Poet Francisco Aragón is the American-born son of a Nicaraguan mother and calls English his “principal language.” Though he grew up speaking Spanish at home, he could neither read nor write it until he was an adult, and so Spanish is in some sense both a first and second language for him. The decade he spent living in Spain—where the language differs significantly from its Latin American forms—deepened Aragón’s complex relationship with his two native tongues, and that relationship is a principal theme of Puerta del Sol.
Every poem but one is presented in both English and Spanish, translated by Aragón himself and printed in the classic mirror fashion, with the different versions placed directly opposite one another. The sole exception, “Veo Lo Que Dices When You Write,” employs both languages to evoke an epiphany of bilingualism:
For I recall the first morning, waking
Beside the sound of his breathing,
Sitting up & thinking, What time is it?
But uttering with surprise & wonder
When he opens his eyes, “¿Que hora es?”
The poem conveys the pleasure of owning a language so completely it begins to come alive within you. With language, there’s always more at stake than simple mastery of words. It’s is a fundamental part of our connection to other people, made clear when the speaker’s effortless use of Spanish inspires a kiss from his lover. The kiss is an acknowledgment that the speaker has crossed a divide, not just in communication but also in understanding.
Language doesn’t simply express our thoughts; it actually shapes them on a very deep level. It’s largely through language that we make sense of our experiences. To grasp the language of another person is to gain some ability to see the world as he does, and the same holds true on the broader cultural level. It’s no accident that we speak of crossing a language “barrier.” There’s something liberating, even subversive, about being able to shift readily between languages. It makes you a kind of cultural switch-hitter who can transcend tribal category. That’s one reason scholars and writers such as Aragón promote bilingual literature as an important artistic territory. It may also be the reason bilingualism makes a lot of Americans so nervous.
The shift in perception that accompanies a change of language shapes our interior lives, too. For Aragón, the very sound of Spanish has a particular magic, putting him in touch with unique emotions and sensations. “Poem” celebrates a Catalonian man’s accent, “his tongue / a loom / weaving / with intricate pride” the name of his homeland. In “What Else Will I Recall,” an outburst overheard on his first arrival in Madrid stirs feelings he barely understands: “[S]omething in me fluttered / hearing those vowels, as if I started / to understand, as if those rhythms / carried, even then, the message / I’d take years to unravel.” The message isn’t specified, but Aragón’s visceral response to the man’s speech suggests that encountering a different language can provide us with a new understanding of ourselves.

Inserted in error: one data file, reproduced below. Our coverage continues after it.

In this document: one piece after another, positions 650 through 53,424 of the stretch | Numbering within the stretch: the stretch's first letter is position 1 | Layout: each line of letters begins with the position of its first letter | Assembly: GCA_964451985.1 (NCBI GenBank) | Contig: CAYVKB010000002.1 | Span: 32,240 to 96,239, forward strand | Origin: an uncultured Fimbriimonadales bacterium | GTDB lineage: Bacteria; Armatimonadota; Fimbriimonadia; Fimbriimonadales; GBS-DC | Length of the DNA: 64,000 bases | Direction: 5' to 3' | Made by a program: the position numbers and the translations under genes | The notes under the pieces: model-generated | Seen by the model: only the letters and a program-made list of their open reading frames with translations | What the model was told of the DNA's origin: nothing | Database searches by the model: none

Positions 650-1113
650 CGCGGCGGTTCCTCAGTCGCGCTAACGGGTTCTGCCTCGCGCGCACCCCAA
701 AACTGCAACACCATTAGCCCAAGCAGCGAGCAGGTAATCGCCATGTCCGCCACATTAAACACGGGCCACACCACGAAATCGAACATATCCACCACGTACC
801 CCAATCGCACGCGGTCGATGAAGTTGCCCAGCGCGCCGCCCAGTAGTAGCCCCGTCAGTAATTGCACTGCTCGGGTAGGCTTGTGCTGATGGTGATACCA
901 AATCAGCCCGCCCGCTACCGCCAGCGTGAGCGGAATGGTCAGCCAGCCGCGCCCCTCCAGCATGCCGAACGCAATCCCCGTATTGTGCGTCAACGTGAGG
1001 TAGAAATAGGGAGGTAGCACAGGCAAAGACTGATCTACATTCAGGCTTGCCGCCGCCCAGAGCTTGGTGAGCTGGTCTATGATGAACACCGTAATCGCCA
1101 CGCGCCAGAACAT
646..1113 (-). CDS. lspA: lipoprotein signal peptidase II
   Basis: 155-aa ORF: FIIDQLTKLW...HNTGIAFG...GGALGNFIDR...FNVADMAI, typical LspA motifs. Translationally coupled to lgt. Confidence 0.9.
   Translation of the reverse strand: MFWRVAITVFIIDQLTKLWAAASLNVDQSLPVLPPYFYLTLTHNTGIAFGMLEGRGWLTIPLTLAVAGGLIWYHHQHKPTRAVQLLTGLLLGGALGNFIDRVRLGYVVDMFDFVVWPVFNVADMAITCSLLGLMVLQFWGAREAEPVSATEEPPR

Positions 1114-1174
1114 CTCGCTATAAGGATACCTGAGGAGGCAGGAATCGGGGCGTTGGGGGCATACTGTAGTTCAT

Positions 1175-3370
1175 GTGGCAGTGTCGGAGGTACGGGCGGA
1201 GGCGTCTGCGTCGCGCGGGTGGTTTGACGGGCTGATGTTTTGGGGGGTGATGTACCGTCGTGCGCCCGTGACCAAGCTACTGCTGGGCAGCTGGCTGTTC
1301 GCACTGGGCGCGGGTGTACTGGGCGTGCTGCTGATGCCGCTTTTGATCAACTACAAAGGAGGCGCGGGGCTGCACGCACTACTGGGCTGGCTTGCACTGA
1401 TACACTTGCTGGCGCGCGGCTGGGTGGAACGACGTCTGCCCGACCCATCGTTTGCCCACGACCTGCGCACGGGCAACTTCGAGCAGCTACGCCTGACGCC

Aragón’s fascination with language is inseparable from his attachment to places, particularly to Spain. The Puerta del Sol for which the book is named is a plaza in the heart of Madrid. A national landmark, it’s a destination for tourists, protesters and New Year’s Eve revelers. It’s also a place of departure, marking the starting point for Spain’s major highways. Puerta del Sol shares something of that dual character. Whether the locale is Alaska, a Berkeley café or a “filthy city beach” in Barcelona, nearly all of Puerta del Sol’s poems have a strongly rooted sense of place. At the same time, there’s a powerful sense throughout the collection of life spent in transit. Many of the poems are built around Aragón’s travels, ranging from transatlantic journeys to subway rides.
The twin themes of rootedness and restlessness are brought together in “The Bus Driver,” when a prosaic cross-town route is transformed in the driver’s mind to a literal fantastic voyage, “finally docking at the end / of the line—Puerta del Sol / bereft of fountains, / newsstands, rent boys, / the plaza now a port.”
“All Saint’s Day,” perhaps the most impressive poem in the collection, is an imaginary tour of notable tragedies, told in 29 tumbling stanzas. The death of River Phoenix, who “slips and falls, rolling / off the planet“ in Malibu, begins a journey that goes on to Federico Fellini’s deathbed in Italy and a kidnapping in the Basque country of northern Spain, finally ending with a terrorist assassination in Madrid. These unconnected events are tied together by recurring elements in each scene—a warm wind, a coat, a lamppost—but what gives the poem its cohesiveness is, paradoxically, the broad distances in its narrative. Aragón suggests that isolated suffering and death are best understood in the grand context of our shared passage on this ever-turning planet.Puerta del Sol contains a mere 28 original poems plus their translations, yet it feels like a very substantial collection. Aragón touches on a wide range of topics, from deeply personal experiences of love and mourning to observations of a chaotic, violent world. Lovers of lyricism may find that the poems lack rhythmic appeal. For the most part, their strength lies more in imagery than form, but bilingual readers can take pleasure in the dialogue between the translations, in which, Aragón says, he “felt no inclination to remain wholly faithful to the English.” The monolingual readership will have to make do with Aragón’s remarkable ability to evoke the rich experience of moving between languages, places and cultures.
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